Knicks guard Jalen Brunson (11) drives past Boston Celtics forward...

Knicks guard Jalen Brunson (11) drives past Boston Celtics forward Jayson Tatum (0) during the first half of an NBA basketball game Thursday, April 11, 2024, in Boston.  Credit: AP/Steven Senne

A little more than 24 hours after the Knicks’ evisceration of a Celtics team that is supposed to be head-and-shoulders above the rest of the Eastern Conference, we are still trying to make sense of it all.

Does the Knicks’ win in a game in which they led by as many as 31 points mean they actually have a chance of being competitive with Boston in a playoff matchup? Or, as Celtics coach Joe Mazzulla suggested after the game, is this just a matter of the Celtics not having that much to play for, given that they have a 13-game cushion atop the conference?

“I saw that there was only one team in the Eastern Conference that has their seed settled. And no one else does,” Mazzulla said after the game. “I saw a high level of desperation.”

The Knicks certainly are playing with a very “high level of desperation,” and the result is that they clinched home-court advantage in the first round of the playoffs with their 111-107 victory over the Nets on Friday night, a game in which they came back from a 17-point deficit. More importantly, beating the Bulls on Sunday would guarantee them at least a third-place finish. Doing that would mean they could avoid playing the Celtics again until the Eastern Conference finals.

I don’t know if the win in Boston says as much about the Knicks as it says about the Celtics, who in the words of Charles Barkley on Thursday night has “half-[expletive] it” against Milwaukee and the Knicks this week.

On TNT’s halftime show, Barkley talked about how his Phoenix Suns finished the 1992-93 regular season with the NBA’s best record but “shut it down” the last two weeks of the season.

“It took us two rounds of the playoffs to get it back,” Barkley said. “ . . . I regret it to this day. Like, man, you play ’til the end of the season if you’re going to play.”

The Celtics’ shutdown stands in bold contrast with this Knicks team. There have been games in which the Knicks didn’t play well. There have been games in which they missed easy shots, couldn’t contain a certain player or just looked tired or outmanned. Not once, however, has there been a Knicks game this season in which it seemed as if they were going through the motions or didn’t want to put in the work needed to get the win.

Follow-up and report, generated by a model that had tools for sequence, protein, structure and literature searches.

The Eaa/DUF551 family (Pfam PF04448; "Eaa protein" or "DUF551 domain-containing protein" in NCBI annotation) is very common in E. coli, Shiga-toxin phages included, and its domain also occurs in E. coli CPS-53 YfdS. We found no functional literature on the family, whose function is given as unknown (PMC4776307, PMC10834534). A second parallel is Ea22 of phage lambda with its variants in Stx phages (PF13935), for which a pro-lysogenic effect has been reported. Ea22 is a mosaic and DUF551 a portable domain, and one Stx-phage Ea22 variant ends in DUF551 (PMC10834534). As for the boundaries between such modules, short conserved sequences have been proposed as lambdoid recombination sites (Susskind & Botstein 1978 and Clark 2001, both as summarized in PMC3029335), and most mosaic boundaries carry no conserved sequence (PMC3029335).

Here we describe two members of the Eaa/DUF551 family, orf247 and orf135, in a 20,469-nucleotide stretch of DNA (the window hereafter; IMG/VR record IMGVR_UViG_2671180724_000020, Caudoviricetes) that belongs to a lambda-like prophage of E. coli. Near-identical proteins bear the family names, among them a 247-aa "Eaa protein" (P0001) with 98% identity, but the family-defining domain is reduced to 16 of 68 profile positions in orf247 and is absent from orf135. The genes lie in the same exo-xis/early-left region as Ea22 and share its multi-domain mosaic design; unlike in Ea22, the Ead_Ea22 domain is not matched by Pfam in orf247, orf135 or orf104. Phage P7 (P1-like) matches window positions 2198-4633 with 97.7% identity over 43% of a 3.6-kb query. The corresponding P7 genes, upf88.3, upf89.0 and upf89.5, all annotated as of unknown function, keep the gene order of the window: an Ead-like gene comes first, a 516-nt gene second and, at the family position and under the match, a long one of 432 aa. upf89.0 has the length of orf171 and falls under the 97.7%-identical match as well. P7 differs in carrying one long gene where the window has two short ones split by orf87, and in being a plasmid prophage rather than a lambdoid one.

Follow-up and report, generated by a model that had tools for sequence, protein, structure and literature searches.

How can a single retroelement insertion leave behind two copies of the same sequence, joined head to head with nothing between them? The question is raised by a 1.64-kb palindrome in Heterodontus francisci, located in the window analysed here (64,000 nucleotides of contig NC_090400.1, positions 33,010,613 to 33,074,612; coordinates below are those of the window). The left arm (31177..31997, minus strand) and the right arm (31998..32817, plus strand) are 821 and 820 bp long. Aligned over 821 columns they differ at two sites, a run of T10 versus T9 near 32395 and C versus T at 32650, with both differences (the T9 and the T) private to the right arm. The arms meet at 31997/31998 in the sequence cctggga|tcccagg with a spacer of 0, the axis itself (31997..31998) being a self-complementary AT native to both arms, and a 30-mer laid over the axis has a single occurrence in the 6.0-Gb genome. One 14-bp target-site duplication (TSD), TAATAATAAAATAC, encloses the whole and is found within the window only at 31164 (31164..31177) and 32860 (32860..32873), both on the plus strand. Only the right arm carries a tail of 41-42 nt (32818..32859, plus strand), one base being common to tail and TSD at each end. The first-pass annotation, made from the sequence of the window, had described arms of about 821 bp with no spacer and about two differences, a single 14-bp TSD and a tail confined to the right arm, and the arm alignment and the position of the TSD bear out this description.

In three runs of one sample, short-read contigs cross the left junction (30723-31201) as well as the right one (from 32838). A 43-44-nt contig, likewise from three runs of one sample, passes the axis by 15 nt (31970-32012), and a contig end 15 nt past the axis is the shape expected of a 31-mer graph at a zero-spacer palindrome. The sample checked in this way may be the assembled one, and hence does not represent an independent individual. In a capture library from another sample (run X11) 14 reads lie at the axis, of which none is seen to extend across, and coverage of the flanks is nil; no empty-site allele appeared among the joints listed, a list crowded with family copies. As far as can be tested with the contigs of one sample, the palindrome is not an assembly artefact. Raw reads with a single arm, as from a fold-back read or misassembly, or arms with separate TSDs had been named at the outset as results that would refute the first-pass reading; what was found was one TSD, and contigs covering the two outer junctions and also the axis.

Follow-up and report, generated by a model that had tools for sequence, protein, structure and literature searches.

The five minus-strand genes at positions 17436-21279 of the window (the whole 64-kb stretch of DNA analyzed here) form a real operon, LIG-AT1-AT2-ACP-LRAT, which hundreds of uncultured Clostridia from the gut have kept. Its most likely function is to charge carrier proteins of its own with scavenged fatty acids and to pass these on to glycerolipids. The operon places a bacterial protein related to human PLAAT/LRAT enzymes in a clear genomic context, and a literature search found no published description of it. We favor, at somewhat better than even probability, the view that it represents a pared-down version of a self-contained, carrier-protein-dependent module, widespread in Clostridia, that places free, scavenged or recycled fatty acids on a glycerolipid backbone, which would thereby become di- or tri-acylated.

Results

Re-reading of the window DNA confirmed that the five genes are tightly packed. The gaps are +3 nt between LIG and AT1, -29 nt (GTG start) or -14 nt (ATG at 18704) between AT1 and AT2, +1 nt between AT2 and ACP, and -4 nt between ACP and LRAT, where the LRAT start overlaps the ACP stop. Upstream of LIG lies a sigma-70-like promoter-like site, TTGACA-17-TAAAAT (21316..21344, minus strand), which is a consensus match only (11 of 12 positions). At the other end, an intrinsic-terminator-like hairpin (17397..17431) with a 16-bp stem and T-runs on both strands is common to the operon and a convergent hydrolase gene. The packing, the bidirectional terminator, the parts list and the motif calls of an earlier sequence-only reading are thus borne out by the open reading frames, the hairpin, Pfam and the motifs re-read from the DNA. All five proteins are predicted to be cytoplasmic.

The Celtics have the most talented starting five in the NBA. They have matured since last season and have become much more of a team. They have learned to put their personal agendas aside for the betterment of the group. On paper, they not only are better than the Knicks but could be better than every other team in the NBA.

But they aren’t tougher. Not even close. And toughness counts.

The Knicks’ toughness has been built through resiliency. It’s been built by surviving injury after injury to starters. That toughness has been built by watching Jalen Brunson play his best when the spotlight is shining the brightest.

Before scoring all 30 of his points in the final three quarters against the Nets, Brunson had scored 35, 35, 43, 45 and 39 in the previous five games. That’s an average of 37.8 points a game in a stretch in which the Knicks went 5-1. Brunson’s 39 points against the Celtics came despite playing only 30 minutes in a game in which Boston threw almost every defender at him.

Brunson’s MVP-level consistency combined with his teammate’s ability to step into different roles is the kind of thing that will give the Knicks confidence that they can play at a high level against the best of teams in the postseason.

“There’s a lot of ups and downs in a season and in a game,” coach Tom Thibodeau said. “To have the ability to get through that . . . to have the toughness both mental and physical to get through things. I think if you do that, you can turn anything your way.”

Maybe even a series against a team no one thinks you can beat.


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